Cut the bullwork in half.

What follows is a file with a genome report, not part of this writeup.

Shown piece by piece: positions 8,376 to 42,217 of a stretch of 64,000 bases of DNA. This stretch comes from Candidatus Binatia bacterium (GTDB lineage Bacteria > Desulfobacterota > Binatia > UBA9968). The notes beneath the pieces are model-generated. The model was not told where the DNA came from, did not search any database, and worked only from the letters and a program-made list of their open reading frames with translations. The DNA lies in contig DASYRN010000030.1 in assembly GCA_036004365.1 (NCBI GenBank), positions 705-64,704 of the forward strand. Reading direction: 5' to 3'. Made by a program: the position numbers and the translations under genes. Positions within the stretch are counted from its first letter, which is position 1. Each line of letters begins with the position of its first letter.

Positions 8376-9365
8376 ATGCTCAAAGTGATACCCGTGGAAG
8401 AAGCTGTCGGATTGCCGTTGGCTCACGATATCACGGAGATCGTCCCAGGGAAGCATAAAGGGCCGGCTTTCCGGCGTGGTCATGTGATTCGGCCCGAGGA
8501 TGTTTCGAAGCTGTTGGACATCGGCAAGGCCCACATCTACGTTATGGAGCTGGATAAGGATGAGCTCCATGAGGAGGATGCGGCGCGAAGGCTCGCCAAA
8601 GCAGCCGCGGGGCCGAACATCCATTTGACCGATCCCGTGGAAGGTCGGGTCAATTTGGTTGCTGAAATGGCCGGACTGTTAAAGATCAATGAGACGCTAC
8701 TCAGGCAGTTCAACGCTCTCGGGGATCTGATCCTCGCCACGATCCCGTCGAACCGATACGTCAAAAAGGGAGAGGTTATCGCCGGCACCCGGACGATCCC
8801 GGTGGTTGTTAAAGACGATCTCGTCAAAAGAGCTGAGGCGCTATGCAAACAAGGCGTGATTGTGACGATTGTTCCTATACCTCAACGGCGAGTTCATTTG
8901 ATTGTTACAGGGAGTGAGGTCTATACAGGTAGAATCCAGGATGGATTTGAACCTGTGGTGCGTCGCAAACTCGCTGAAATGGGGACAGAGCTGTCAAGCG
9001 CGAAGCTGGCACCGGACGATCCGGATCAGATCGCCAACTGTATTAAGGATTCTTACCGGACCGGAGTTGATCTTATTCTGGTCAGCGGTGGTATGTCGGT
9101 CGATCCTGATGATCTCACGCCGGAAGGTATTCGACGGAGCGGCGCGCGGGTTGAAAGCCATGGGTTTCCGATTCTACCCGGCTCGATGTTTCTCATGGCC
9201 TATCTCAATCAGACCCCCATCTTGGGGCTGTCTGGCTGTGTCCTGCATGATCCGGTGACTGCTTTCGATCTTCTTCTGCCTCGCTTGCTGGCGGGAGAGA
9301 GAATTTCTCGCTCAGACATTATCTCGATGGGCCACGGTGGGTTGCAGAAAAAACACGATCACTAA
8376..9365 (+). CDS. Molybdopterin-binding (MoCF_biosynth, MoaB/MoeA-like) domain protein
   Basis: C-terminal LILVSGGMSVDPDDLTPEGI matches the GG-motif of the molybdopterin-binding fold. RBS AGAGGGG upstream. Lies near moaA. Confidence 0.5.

I was digging out a section of lawn to install a pavestone patio. The excavation was tough because of roots, rocks, and hard soil. I stepped back and thought this part is fierce. I bought the Craftsmen Front Tine Cultivator. It softened the hard clay & stone mix that is my New England soil in short time. It cut the brute sweat and struggle in half. I dug out the bed and installed a patio that has impressed all who walk on it. While the cultivator didn't set the stones, it made the project move more quickly by expediting the groundwork. Tip #1 If your going to install a patio, consider this tool. [It's also great in the garden where it mixes the good garden soil almost as easy as whipped cream.] Tip #2 Nothing is as important to a neat edge and slope as good layout lines (strings): Drive steel rods at the exact corners of your rectangle. Set the pitch and check your diagonals for equality. Install an ample and flat bed of stone dust up to exactly one paver thickness from your lines. Lay your stones starting at one edge and work towards the opposite side. (The corner stones are the last 4 to go in and only after you pull your corner rods). You can read up on the "how to" by searching the Internet Tip #3 If your not up to craftsman skill level or unable to do heavy work, get a contractor with a good reputation. Since concrete is so durable, you don't want your pavestone patio to look like it was the cheapest job!